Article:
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Spijker, an old Dutch word for warehouse. The Dutch Mennonites in the 16-17th centuries often bought warehouses and adapted them for use as meetinghouses; hence the name "spijker" sometimes remained usual for these meetinghouses. In Amsterdam the Groote Spijker near the Jan Rodenpoorts Toren on the Singel Canal was from 1604 the meetinghouse of the Amsterdam Waterlander congregation. It remained in use after the Waterlander merger with the Lamist congregation in 1668. In 1801 after a fusion of Lamists and Zonists in Amsterdam, the pulpit and the organ of the Zon meetinghouse were installed in the Groote Spijker. This meetinghouse was used until 1812, and was razed in 1814. Its organ and pulpit are now in the Leeuwarden church, which bought them in 1812 for 2800 Dutch guilders.

Before the Waterlanders acquired the Groote Spijker, they had held their meetings in the Kleine Spijker in the Teerketelsteeg. This Kleine Spijker (Oude Spijker) was taken over by a Frisian Mennonite congregation in 1604.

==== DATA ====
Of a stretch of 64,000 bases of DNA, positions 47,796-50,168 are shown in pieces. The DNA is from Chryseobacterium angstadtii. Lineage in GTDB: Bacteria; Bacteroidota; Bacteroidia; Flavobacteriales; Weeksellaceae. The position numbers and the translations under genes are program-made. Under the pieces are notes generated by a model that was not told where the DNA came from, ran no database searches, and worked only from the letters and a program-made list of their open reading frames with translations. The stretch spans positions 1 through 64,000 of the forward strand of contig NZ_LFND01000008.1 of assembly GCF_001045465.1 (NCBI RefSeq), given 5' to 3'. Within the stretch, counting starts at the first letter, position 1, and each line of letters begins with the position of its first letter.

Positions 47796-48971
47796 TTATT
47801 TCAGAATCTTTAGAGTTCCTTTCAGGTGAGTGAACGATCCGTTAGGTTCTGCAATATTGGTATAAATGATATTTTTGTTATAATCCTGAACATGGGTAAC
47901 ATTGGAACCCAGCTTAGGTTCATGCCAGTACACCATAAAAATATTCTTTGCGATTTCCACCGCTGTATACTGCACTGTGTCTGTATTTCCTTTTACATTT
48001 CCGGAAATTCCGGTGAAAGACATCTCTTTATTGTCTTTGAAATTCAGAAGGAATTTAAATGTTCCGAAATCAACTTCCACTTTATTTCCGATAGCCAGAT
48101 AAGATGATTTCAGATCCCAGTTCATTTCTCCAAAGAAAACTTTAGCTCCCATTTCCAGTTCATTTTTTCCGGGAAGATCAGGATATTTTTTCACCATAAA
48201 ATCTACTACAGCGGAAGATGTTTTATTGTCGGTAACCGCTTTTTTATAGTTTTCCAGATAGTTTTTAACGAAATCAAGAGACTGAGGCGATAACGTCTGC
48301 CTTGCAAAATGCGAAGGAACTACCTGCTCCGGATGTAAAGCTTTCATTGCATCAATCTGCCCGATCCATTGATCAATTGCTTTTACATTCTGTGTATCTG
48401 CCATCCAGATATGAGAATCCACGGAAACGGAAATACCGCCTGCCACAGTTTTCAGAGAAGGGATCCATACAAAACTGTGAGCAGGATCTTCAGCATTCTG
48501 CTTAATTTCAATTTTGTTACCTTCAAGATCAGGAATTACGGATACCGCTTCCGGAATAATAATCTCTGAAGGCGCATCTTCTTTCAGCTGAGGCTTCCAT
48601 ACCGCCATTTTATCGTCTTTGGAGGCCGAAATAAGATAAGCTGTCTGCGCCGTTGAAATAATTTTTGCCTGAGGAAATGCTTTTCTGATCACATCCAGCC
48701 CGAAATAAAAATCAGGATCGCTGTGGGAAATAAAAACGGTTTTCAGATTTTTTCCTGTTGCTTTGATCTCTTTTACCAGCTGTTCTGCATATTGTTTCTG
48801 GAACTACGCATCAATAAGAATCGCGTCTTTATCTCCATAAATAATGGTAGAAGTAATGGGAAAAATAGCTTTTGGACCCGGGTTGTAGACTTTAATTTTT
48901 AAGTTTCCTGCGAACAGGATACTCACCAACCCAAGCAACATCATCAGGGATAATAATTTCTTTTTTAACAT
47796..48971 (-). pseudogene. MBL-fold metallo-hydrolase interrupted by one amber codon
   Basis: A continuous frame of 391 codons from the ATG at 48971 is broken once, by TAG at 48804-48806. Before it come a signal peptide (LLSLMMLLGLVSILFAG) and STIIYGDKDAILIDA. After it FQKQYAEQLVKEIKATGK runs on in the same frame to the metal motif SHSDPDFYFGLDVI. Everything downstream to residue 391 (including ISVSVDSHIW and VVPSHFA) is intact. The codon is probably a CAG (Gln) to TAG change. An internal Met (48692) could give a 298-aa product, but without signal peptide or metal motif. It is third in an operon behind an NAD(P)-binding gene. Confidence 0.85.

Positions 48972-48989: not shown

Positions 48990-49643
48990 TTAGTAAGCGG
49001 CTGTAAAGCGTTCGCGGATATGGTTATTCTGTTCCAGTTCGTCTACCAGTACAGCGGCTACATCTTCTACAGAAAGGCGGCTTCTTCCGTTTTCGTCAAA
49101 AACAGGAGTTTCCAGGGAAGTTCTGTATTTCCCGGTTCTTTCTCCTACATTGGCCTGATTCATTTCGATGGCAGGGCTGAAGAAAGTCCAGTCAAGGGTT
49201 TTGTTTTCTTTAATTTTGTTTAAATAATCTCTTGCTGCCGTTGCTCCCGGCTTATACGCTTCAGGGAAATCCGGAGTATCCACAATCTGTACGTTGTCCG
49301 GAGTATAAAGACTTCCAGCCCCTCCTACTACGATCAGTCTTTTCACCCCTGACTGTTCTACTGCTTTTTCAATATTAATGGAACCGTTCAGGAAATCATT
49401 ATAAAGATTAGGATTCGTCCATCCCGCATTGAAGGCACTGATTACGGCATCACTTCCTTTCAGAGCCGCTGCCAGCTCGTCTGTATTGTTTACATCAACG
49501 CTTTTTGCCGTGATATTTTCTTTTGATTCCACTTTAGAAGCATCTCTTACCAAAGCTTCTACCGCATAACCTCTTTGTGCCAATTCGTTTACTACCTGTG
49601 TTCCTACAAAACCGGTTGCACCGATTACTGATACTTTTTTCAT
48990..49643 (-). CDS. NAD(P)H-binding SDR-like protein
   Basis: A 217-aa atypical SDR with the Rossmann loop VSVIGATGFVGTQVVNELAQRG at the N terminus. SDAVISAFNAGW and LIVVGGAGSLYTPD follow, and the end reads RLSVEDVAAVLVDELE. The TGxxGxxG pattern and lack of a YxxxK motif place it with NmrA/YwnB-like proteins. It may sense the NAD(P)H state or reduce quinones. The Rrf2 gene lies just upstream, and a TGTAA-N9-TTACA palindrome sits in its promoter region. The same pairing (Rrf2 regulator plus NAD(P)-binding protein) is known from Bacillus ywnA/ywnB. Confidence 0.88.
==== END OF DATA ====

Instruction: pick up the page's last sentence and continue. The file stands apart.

Hoop Scheffer, Jacob Gijsbert de. Inventaris der Archiefstukken berustende bij de Vereenigde Doopsgezinde Gemeente to Amsterdam, 2 vols. Amsterdam: Uitgegeven en ten geschenke aangeboden door den Kerkeraad dier Gemeente, 1883-1884: v. II, Nos. 82-99, 1341 f.

Author(s) Nanne van der Zijpp
Date Published 1959

Cite This Article

MLA style

Zijpp, Nanne van der. "Spijker." Global Anabaptist Mennonite Encyclopedia Online. 1959. Web. 7 Apr 2020. https://gameo.org/index.php?title=Spijker&oldid=109962.

APA style

Zijpp, Nanne van der. (1959). Spijker. Global Anabaptist Mennonite Encyclopedia Online. Retrieved 7 April 2020, from https://gameo.org/index.php?title=Spijker&oldid=109962.


Adapted by permission of Herald Press, Harrisonburg, Virginia, from Mennonite Encyclopedia, Vol. 4, pp. 595-596. All rights reserved.

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